Following completion of each closure technique intrathoracic pressure was increased while the separation between the two halves of the sternum was continuously measured. The amount of pressure needed to induce sternal distraction was compared for all closure methods. The primary outcome was the intrathoracic pressure required to separate the sternal edges by 2.0 mm. This endpoint was chosen as an amount of sternal separation that would be clinically important and to avoid significant damage of the sternal bone integrity for further testing with the subsequent closure techniques.

Preparation of the cadavers

The median sternotomy was performed using a standard pneumatically powered reciprocating sternal saw (Stryker, Kalamazoo MI). An inflatable rubber bladder was seated immediately beneath the sternum. A calibrated pressure transducer (Utah Medical Products, Midvale, Utah, USA) was connected to the inflatable bladder and used to record the pressure within the closed system at appropriate range and intervals. The system was configured to continuously monitor real-time intrathoracic pressure and intercrystal distance while simultaneously recording absolute values every two milliseconds using a computerized data-acquisition system (Power Lab, AD Instruments, Colorado Springs, Colorado, USA).

Measurement of sternal separation

Three pairs of 5 MHz piezoelectric crystals were used to measure distraction of the sternal closure site using sonomicrometry (Sonometrics, Triton Technology). The crystals were fixed to the ventral edge of the sternum; one pair at the upper part at the manubrium, one at the middle of the sternal body and one at the sternoxiphoid junction. Each pair of crystals was oriented to detect distraction in a transverse plane. Ultrasonic gel was placed between the two crystals to facilitate sound wave conduction. The sensitivity of the distance measurement using sonomicrometry is approximately 0.02 mm. Intrathoracic pressure was increased by inflating the intrathoracic bladder using a calibrated electronic air pump until 2.0 mm of distraction was noted between the ultrasonic crystals. At the end of the experimental protocol, 1 cm2 segments of mid-sternum, away from any closure instrumentation, were taken from each specimen and x-rayed in AP and lateral planes. The x-rays were reviewed and evaluated for structural differences by a radiologist blinded to group allocation.

Data Analysis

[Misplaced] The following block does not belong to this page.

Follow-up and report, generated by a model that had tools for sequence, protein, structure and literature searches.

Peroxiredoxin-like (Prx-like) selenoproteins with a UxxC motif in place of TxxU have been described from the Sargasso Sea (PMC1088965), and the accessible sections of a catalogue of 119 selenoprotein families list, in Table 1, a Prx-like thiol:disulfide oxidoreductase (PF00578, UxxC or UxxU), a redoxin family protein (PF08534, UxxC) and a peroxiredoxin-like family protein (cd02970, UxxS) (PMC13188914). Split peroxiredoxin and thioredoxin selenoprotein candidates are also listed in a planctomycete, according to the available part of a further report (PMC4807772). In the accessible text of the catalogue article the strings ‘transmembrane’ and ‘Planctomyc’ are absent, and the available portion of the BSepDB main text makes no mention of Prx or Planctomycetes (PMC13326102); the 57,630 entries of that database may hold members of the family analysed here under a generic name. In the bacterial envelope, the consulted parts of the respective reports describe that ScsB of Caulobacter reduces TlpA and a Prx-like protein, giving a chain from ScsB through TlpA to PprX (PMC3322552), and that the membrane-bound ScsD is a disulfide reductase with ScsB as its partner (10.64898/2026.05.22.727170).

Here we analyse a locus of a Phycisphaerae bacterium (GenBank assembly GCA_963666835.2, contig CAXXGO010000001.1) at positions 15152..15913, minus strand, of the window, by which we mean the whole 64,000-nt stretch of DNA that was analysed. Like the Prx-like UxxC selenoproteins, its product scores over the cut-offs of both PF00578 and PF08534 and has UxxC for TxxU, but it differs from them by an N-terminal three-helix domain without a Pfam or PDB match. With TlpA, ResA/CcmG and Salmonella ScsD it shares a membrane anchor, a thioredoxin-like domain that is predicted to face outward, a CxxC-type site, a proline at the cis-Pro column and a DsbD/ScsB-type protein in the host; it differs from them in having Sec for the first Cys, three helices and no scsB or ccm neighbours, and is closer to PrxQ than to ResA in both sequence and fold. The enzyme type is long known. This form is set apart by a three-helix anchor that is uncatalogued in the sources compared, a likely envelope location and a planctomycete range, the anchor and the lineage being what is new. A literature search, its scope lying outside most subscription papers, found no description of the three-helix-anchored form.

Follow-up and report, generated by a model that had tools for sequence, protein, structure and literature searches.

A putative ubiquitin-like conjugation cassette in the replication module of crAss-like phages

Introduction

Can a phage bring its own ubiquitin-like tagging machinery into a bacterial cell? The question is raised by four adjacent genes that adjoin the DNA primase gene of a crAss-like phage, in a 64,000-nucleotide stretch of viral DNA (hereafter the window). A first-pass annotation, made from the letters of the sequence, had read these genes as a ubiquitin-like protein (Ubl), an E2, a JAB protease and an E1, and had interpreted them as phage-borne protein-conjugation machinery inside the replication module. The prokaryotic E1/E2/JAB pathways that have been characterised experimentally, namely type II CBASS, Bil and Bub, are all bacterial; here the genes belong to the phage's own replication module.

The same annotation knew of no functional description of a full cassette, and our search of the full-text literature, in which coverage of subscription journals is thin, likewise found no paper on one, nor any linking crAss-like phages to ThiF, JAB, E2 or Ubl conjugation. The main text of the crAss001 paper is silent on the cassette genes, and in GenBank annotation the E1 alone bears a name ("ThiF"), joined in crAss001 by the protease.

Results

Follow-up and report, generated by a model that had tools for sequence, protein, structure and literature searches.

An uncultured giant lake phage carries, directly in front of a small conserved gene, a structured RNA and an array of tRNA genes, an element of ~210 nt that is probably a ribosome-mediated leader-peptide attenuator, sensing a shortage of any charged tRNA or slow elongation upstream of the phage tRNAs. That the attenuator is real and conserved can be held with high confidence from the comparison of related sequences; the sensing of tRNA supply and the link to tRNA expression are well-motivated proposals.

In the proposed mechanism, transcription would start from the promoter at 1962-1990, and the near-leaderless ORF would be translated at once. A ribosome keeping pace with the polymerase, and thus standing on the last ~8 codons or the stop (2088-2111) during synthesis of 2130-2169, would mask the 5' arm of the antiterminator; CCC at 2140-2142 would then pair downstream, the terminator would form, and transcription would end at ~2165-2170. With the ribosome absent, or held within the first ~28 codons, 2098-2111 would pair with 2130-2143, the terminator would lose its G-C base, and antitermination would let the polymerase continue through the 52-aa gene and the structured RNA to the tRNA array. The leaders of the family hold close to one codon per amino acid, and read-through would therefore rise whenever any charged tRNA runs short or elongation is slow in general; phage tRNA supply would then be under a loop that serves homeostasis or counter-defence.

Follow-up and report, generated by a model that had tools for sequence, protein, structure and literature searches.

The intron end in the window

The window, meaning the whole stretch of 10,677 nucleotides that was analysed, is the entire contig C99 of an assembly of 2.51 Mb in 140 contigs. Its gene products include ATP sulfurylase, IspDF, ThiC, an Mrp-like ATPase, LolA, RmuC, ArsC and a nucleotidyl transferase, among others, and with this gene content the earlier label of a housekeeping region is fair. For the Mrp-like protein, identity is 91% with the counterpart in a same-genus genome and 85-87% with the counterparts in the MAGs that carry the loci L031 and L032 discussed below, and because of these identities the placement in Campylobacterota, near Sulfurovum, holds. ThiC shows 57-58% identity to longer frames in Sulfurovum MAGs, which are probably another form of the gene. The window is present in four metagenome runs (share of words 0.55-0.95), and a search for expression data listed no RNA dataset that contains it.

All data were analyzed with SigmaStat (v 3.5, Systat Software San Jose, California, USA) and R (version 2.5.0, lme4) statistical programs. No differences were noted between the wire and cable methods of primary sternal closure and as such they were grouped by a priori design. A repeated measures ANOVA and the Holm-Sidak test, was preformed to discern differences between wires/cables, wires/cables + 1 plate and the 4-plate methods of closure. In addition, regression coefficients and the corresponding 95% credible interval were calculated to determine the amount of pressure the addition of one plate and the 4-plate method could withstand prior to 2 mm separation, using the wires/cables as the reference. Data is reported as mean ± standard deviation and p-value ≤ 0.05 was considered statistically significant.

Results

The mean age of the cadavers was 80.4 years (range 45–99), and 7 were male. The analysis of the sternal bone specimens revealed similar sternal cortical thickness (mean = 1.5 mm, range 1.1–2.0 mm), with no difference between groups. The lower portion of sternal closure was the least stable part of the sternum with 65% of all separations occurring at this location, followed by the middle (12%), and the upper (4%). In 15% of the trials no crystal pair separated 2.0 mm and as such the maximum pressure attained was used for the purposes of the analysis. Two trials with the 4-plate closure technique were excluded from the analysis for technical reasons (crystal malfunction, rib fracture). There were no significant differences between the wires alone or cables alone.

As intrathoracic pressure increased, sternal separation increased in all cadavers as indicated by greater crystal separation. In all groups the pressure which generated 1.5 or 2.0 mm sternal separation was significantly higher than baseline or pressure for 0.5 mm separation. In addition, both plating groups required a significantly higher pressure than the wires or cables groups for either 1.5 or 2.0 mm separation (Figure 2 &3).